James Madison Papers

To James Madison from Hans Rudolph Saabye, 15 August 1801

From Hans Rudolph Saabye, 15 August 1801

Copenhagen ye. 15 August 1801.


I do myself the honor of transmitting inclosed the usual List of those American Ships, which pass’d the sound since the beginning of the Year until the end of June.

It evinces that the American trade to this place has been of some importance, and the Adventurers have met with a better market here, than at any other place of the North of Europe. This circumstance is to be attributed to the want of importation from the danish Westindia Islands, after the English have taken possession of them, in consequence of which Sugar and Coffee rose much higher, than at what they could be disposed of in other parts. The inclosed price Currt. acquaints you with the present state of the market.

The differences with England are not altogether settled as yet. The occurrences, which happend here in April last, and the intelligence receiv’d since, that the danish Westindia Islands had been seized, and at a time too, when Negotiations were carried on with the northern Courts, induced the Danish Government to Sent the Secretary of State to England, with a view to abridge the Negotiations, and to settle every thing ⟨as⟩ far as relates to Denmark alone. Thus matt⟨er⟩ went on smoothly, and hopes were already entertain⟨ed⟩ to see every thing arranged speedily and to satis⟨fac⟩tion, when the news arriv’d of the well known co⟨nven⟩tion, concluded between the Court of Russia, and my lord St. Helenes, without the least cooperation ⟨of⟩ any of the other Powers, concerned in these tran⟨sac⟩tions. From the moment this was know⟨n⟩ the English Government adhered strictly to sa⟨id⟩ Convention, and Count Bernstorff, perceiving no further utility could be expected from any ⟨lon⟩ger stay in England, left Said country, and ⟨is⟩ now on his way home. Hitherto the Dan⟨ish⟩ Government has refused to accede the Conventio⟨n⟩ with which it does not seem to be satisfied.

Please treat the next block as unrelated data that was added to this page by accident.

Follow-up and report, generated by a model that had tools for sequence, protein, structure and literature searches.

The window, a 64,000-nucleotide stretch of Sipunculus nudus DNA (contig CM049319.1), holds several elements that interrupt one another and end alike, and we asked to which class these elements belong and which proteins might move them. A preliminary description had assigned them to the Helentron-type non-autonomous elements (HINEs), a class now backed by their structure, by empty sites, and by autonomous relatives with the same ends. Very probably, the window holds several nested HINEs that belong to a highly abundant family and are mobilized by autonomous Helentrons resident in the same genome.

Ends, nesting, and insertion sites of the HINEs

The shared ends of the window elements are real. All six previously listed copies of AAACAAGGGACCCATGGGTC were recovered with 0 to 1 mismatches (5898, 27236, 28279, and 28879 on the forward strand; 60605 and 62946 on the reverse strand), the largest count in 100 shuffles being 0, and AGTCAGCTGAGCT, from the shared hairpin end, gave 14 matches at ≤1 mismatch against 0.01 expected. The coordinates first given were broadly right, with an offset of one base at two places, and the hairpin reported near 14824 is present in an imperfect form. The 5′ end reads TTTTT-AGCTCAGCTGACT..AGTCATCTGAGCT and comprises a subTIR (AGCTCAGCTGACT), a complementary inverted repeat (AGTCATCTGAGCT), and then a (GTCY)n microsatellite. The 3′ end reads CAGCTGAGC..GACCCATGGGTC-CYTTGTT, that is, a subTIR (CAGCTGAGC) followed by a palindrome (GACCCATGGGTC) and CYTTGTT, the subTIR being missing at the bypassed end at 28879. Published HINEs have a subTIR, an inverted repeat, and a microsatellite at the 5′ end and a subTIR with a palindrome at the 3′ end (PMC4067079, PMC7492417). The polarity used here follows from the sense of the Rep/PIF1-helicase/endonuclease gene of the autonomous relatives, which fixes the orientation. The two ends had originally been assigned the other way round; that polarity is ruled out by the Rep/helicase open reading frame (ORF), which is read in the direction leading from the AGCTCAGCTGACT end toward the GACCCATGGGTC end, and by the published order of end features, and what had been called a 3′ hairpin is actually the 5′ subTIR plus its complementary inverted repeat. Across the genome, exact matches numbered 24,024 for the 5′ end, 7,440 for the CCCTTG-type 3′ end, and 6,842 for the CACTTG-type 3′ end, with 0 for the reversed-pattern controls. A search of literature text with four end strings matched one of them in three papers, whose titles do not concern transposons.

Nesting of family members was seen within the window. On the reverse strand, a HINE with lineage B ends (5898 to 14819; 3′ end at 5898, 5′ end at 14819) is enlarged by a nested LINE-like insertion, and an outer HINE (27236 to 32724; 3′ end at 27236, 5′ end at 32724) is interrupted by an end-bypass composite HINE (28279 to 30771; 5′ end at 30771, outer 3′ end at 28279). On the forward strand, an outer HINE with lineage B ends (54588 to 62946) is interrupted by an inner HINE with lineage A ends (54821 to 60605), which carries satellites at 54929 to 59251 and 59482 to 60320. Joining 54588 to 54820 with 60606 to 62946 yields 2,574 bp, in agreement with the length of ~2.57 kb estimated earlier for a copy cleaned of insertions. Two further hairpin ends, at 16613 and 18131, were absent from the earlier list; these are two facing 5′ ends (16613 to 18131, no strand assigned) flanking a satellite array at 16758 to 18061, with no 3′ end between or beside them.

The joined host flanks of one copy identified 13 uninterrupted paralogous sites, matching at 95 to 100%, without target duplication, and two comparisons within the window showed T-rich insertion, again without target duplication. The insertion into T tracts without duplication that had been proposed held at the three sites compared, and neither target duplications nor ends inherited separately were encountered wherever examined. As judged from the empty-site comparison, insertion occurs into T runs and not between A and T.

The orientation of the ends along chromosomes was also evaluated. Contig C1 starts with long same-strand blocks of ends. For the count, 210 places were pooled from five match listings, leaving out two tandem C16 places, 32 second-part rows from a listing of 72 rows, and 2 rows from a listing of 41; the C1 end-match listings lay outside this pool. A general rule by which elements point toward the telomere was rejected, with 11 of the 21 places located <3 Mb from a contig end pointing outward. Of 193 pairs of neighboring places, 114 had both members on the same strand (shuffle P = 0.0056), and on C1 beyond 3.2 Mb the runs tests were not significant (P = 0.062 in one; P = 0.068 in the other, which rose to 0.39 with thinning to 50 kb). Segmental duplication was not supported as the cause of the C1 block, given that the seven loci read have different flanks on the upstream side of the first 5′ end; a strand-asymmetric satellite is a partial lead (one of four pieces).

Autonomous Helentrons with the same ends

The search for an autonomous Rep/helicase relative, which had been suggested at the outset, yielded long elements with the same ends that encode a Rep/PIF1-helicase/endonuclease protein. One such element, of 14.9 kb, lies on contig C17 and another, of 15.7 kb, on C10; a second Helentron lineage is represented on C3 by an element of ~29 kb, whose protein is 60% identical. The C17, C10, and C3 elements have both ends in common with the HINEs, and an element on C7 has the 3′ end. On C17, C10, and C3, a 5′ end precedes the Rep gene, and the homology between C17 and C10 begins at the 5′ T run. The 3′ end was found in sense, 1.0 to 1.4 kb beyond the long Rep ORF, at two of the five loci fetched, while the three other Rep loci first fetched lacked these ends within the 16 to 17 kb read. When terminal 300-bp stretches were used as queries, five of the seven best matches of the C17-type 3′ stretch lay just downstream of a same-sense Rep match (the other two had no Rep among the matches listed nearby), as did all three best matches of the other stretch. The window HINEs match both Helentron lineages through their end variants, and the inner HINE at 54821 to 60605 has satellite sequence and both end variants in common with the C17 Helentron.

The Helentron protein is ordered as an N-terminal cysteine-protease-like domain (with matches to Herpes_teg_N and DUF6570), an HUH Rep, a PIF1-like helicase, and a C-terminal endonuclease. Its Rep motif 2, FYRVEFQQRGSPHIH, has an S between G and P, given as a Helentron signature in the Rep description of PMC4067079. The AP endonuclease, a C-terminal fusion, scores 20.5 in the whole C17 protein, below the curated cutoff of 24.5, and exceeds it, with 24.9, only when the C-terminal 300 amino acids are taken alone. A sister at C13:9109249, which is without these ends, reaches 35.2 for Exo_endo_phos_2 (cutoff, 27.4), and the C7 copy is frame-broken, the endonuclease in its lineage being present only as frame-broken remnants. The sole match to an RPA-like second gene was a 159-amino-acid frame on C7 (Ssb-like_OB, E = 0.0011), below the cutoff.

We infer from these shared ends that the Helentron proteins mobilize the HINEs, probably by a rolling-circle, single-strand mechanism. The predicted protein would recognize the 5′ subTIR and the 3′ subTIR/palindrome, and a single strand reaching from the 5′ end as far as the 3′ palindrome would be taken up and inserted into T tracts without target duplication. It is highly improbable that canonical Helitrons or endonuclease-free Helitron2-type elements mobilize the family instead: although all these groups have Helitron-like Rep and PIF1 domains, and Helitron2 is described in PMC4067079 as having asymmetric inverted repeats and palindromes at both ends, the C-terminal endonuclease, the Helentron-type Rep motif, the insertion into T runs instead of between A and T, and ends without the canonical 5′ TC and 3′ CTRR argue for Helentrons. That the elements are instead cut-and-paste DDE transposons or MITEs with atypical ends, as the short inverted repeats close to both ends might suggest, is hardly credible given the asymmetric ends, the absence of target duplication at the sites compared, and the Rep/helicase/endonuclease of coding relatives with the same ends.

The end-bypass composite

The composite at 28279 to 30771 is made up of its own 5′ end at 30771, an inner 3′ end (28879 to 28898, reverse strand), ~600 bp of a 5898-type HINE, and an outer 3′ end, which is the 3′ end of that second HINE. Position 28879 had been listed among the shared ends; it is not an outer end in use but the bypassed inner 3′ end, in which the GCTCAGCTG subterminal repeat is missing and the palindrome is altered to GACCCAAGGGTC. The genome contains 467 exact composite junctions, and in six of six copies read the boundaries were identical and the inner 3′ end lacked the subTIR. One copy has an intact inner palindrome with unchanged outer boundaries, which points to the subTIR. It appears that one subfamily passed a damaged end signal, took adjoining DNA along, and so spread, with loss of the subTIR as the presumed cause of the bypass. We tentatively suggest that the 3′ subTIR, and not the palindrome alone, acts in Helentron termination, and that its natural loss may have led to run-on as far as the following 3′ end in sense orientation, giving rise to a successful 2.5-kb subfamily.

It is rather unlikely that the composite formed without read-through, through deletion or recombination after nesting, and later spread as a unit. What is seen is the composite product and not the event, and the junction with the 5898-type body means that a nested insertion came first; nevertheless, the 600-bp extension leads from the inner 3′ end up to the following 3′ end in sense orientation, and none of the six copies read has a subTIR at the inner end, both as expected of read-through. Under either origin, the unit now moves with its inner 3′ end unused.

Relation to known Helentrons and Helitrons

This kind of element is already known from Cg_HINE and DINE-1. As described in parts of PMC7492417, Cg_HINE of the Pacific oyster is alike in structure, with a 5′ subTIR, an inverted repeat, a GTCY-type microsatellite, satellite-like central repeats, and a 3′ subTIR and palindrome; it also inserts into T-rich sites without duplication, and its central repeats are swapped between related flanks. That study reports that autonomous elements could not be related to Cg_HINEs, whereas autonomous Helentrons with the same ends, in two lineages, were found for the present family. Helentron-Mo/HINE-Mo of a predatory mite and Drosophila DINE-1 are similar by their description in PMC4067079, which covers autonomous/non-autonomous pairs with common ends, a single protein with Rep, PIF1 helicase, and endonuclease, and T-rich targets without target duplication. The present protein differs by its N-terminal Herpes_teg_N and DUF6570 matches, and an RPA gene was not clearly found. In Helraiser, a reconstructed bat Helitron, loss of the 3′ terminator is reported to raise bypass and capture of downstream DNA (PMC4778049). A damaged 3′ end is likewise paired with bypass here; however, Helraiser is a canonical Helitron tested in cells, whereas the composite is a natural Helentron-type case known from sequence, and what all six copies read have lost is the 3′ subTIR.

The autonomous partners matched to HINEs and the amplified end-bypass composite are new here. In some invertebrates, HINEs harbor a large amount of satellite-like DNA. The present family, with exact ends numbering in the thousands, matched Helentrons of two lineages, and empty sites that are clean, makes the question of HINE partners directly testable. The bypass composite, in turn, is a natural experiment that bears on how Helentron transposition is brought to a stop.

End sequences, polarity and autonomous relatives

Neither could this be expected, considering ho⟨w⟩ coldly Denmark has been supported by her ⟨Other⟩ allies. To support the principles which ⟨pro⟩duced the Coalition, can’t however be the Wor⟨k⟩ of Denmark, left to herself, and it may therefore be conjectured, that she will hereafter resolve t⟨o⟩ accede the Convention, as it was agreed on a⟨t⟩ St. Petersburg. The Ship Franklin, ⟨which⟩ belonged to Mess Minturn & Champlin of Newyork, having been sold here, I caused the Register, which had been granted her, to be delivered to me, and have now the honor to Sent it enclos’d. It is number’d 384 and dated in Newyork the 27th. of October 1800. I remain with the highest Esteem Sir Your mo. obed & mo. hble. Servt.

H. R. Saabye

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